'void' as a value

Brendan Eich brendan at mozilla.com
Mon Sep 9 10:09:48 PDT 2013

> David Bruant <mailto:bruant.d at gmail.com>
> September 9, 2013 2:51 AM
> Le 09/09/2013 11:41, Claude Pache a écrit :
>> * `undefined` means "no value", or "nothing";
>> * `null` means "empty value", or (well) "null".
>> Practical usefulness:
>> * ES5: JSON stringification of object: `null` means `null`, and 
>> `undefined` means "no value, don't include the corresponding key".
>> * ES6: default values in function arguments (and maybe destructuring 
>> assignment?): `null` means `null`, and `undefined` means "no value, 
>> take the default".
> This is all after-the-fact justification. I understand the usefulness 
> made of this feature now that we have the 2 values, but I wonder if 
> given the choice to start over a newJS would be designed with 2 such 
> values.

There's really no point, is there? FTR (I've written this before), I had 
both null and undefined because JS was under not only "make it look like 
Java" marching orders, it was meant to connect to Java, with objects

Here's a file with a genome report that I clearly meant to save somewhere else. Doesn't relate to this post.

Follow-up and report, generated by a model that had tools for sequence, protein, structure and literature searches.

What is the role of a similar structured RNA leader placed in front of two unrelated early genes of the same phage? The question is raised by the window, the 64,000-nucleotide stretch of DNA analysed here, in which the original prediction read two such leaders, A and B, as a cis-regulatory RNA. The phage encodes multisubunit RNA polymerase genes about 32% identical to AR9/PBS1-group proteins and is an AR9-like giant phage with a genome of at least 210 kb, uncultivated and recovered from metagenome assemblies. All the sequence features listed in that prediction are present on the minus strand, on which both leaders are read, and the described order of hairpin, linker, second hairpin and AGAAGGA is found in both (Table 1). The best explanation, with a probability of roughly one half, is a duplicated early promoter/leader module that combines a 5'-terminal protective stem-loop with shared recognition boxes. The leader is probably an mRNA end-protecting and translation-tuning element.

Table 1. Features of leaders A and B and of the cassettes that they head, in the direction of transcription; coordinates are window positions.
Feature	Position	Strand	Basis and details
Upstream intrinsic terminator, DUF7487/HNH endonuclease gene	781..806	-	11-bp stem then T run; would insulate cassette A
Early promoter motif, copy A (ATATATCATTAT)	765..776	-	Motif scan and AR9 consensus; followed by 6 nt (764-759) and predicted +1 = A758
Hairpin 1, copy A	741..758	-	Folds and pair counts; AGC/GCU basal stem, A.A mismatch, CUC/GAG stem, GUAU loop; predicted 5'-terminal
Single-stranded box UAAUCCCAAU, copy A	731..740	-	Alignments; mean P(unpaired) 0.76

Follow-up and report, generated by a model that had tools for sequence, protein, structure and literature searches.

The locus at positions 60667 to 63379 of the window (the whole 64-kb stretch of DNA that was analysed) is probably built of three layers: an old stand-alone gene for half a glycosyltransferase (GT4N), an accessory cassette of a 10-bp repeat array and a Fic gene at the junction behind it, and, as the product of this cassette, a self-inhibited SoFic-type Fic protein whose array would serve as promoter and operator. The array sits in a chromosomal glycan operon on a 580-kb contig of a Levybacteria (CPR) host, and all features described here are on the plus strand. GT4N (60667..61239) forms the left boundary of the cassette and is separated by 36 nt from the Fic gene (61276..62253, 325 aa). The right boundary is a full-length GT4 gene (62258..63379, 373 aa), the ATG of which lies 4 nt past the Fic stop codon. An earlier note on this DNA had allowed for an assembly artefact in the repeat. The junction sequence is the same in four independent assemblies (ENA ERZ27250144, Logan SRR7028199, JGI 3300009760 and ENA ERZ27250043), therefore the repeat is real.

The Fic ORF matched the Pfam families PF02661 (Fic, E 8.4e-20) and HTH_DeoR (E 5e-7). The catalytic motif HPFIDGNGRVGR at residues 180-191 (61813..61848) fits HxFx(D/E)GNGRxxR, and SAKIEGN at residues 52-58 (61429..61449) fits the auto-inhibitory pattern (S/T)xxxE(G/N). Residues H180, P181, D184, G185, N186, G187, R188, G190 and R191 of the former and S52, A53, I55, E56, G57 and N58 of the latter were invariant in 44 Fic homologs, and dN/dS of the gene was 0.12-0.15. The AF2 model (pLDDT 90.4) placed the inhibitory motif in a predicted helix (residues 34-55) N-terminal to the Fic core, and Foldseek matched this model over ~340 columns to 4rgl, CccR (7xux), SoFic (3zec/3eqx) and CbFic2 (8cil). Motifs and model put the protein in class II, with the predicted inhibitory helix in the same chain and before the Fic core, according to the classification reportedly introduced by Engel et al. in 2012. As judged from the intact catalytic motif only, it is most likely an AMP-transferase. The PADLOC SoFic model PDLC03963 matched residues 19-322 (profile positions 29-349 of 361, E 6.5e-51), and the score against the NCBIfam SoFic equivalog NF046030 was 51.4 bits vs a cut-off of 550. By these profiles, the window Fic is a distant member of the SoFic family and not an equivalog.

reflecting both ways. This was LiveConnect, shipped in Netscape 3.

But from the start I had null for Java's object reference types, meaning 
"no object"; and undefined as the bottom of the semiattice, meaning "no 
value". Java didn't have a way to express primitive | reference unions, 
rather had boxing (has this changed?).

> Among the nonsense of undefined-as-a-value:
>     var wm = new WeakMap();
>     var o = {};
>     console.log(wm.has(o), wm.get(o)); // false, undefined
>     wm.set(o, undefined);
>     console.log(wm.has(o), wm.get(o)); // true, undefined

Why are you blaming undefined for this? If we didn't have it, the same 
design decision could have been made for null. Isn't this really a 
WeakMap design choice?


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